“That said, three weeks is a long time. Assuming these disappearances are all connected, it would be better if we knew of a more recent one.” At that, a thought struck her, and she glanced at Nemo, or, more accurately, at his badge of office. “If we could get the authorities to share information with us, that would be ideal. Is that a real badge, Nemo? You might have an easier time approaching the guard than us. Might even be able to ask for permission to look at one of the deceased victims without getting ran out of town.” She gave the necromancer and his skeletal attendant a pointed look at that.

“Last, but not least, there is supposedly a trail leading out to the wilderness out west where some of the victims’ belongings have been found. We might find something out there too, perhaps even something belonging to Mrs. Garrick. We have enough people that we could split up to chase down each lead separately, but at the same time, that’s not the reason Mr. Garrick gave for hiring a large group like this. I wouldn’t be surprised if there were people on the lookout for suspicious groups out west where those clues are.”

Having laid it all out to her satisfaction, Faint nodded to herself. “So, what are your thoughts? As far as I’m concerned, the quicker we manage to put this to rest, the better, but if we do split up, we still need to discuss who will go where, and where to meet up to share what we found after the fact.” At that, she glanced out to the door Abraham had used to make his exit. “I said I would stop by Mr. Garrick’s house later, so I would rather be there when the time comes to look into it.”
Faint winced when the male genasi gave voice to the thoughts she had kept to herself. Gods, man! Have some tact!

To the question posed to the group, she simply droned, “Perfect strangers.” She would have left had that not been the case.

Her thoughts returned to the previous topic as the next person stepped forward. It had to be said, even the necromancer, who should have been the most interested in discussing the topic of the victim’s death, showed a modicum in delicacy in approaching the subject.

Thankfully, the rest of the group did not seem keen to dwell on the subject. In fact, the diminutive kobold and towering Warforged were so quick to pledge their service it made Faint feel the slightest twinge of unease. She had to suppress a light shudder at the metal giant’s proclamation that they would bring the perpetrators to ‘justice’, and she realized the being carried what passed for a badge of office for authorities around these parts.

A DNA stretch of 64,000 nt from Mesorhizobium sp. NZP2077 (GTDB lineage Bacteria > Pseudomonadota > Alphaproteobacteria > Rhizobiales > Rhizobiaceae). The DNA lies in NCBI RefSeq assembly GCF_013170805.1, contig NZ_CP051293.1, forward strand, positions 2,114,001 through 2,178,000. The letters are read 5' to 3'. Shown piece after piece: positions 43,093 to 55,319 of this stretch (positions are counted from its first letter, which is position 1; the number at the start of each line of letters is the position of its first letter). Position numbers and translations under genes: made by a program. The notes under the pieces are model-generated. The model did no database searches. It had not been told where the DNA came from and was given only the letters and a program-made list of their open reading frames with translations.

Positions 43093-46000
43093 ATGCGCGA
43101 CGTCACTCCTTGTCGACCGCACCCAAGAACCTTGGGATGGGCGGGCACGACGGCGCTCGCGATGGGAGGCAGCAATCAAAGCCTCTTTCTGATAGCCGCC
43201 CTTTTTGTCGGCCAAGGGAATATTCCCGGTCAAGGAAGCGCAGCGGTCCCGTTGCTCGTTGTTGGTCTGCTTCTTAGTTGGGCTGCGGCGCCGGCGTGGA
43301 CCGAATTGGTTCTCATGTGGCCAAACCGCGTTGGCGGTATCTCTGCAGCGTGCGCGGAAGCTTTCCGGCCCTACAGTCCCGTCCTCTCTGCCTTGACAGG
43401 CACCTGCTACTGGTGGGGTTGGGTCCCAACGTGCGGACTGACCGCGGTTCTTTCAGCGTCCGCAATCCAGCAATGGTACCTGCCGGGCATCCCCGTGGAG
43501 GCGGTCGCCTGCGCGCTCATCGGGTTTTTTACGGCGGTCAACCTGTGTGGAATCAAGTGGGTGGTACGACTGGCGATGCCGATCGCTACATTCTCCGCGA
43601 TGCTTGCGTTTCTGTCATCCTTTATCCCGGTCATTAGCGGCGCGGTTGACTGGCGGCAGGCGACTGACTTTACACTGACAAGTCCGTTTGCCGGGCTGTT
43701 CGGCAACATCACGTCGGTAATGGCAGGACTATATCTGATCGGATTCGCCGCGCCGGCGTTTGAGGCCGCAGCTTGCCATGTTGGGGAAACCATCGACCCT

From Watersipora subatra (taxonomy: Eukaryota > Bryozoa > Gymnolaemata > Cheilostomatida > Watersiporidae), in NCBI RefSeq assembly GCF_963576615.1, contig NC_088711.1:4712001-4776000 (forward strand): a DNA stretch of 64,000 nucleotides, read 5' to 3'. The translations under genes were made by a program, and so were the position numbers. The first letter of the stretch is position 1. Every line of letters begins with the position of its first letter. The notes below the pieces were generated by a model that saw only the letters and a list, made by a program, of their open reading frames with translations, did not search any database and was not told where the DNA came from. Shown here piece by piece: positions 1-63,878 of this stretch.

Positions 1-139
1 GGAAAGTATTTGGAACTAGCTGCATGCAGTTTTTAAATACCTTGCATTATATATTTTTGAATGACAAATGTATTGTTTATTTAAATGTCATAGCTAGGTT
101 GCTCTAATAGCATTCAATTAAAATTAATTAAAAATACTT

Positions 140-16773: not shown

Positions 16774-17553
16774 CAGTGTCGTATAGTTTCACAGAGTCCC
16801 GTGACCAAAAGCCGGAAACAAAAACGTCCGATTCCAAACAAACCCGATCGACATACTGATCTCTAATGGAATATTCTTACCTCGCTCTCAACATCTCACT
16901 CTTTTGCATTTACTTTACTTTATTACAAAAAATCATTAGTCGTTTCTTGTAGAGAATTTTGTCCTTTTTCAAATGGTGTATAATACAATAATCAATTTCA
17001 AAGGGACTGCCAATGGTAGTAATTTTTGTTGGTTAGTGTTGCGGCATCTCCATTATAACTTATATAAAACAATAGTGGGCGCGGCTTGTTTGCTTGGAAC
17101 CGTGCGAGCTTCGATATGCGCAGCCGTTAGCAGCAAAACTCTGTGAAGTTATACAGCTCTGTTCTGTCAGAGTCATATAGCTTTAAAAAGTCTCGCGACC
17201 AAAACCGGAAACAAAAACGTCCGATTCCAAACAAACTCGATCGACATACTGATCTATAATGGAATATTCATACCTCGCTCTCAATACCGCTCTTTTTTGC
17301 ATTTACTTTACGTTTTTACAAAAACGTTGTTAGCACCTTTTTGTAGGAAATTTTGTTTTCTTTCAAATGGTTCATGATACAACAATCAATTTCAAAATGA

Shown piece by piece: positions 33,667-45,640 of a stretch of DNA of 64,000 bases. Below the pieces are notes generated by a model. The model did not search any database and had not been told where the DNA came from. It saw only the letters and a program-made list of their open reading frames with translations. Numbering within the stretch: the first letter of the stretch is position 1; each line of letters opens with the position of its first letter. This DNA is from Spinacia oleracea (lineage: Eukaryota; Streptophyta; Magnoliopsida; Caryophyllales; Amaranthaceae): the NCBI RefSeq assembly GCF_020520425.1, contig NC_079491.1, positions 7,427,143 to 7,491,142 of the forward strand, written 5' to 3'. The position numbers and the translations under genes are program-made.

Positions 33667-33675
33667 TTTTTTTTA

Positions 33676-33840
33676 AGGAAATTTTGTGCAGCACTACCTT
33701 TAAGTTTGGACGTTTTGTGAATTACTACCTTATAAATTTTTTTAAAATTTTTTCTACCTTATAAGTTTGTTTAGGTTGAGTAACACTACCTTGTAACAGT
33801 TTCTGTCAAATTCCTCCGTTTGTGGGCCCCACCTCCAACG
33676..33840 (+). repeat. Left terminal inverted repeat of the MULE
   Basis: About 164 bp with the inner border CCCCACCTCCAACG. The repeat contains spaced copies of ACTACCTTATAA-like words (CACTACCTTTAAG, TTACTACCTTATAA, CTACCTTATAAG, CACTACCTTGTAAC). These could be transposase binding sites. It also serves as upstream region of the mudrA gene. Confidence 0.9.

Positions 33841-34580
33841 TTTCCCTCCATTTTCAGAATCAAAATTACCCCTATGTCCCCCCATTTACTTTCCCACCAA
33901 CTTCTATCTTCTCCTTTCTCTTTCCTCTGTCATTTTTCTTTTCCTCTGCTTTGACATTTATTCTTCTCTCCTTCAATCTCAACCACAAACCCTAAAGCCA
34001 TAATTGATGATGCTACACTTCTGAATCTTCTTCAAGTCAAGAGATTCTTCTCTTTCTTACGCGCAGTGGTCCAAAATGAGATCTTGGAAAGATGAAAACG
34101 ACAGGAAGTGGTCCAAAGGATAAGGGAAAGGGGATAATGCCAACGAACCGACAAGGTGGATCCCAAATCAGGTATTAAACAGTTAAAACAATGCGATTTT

It took her a moment to remind herself she had committed no crimes in this land.

What about her, then? Was she ready to offer her help to this stranger, now that she was fairly certain this was largely a chance meeting? Perhaps in another time, she would have agreed right then and there. Now, however, the thought of simply agreeing, no matter how noble the cause, scared her. How was that any different than how she had lived her life until then, doing as she was told again and again, as if tossed by the waves?

A favor of this magnitude was too much for her at that point. A transaction, however, was easy to understand. As the female genasi brought up the matter of payment, and Abraham produced the notes, Faint only balked at the amount offered so casually for a moment before quickly taking her share.

My hiring fee, she told herself. As a mercenary, she supposed, or a detective. It was somewhat disheartening that her best assets for such an occupation would be the same skillset she had learned for her previous one.

She shook her head slowly. If she had been ready to discard that side of hers so readily she would already have found a place at a bar or diner, or perhaps even a hospital. But she had waited until someone had reached out for her instead. She did not want to think about what that attachment meant. ”It’s a first step for myself either way,” she muttered in a low voice.

The first genasi in the room stepped out soon after taking her payment. The otter, however, took the chance to ask about the state of affairs with the town’s authorities. Faint didn’t like Abraham’s answers. Undermanned and stuck. In the meantime, the bounty would be giving rise to multiple motley crews of hooligans — much like this one — interested only in the money and likely to cause trouble of their own. It seemed to her like the stability of Forsaken was poised to deteriorate rapidly.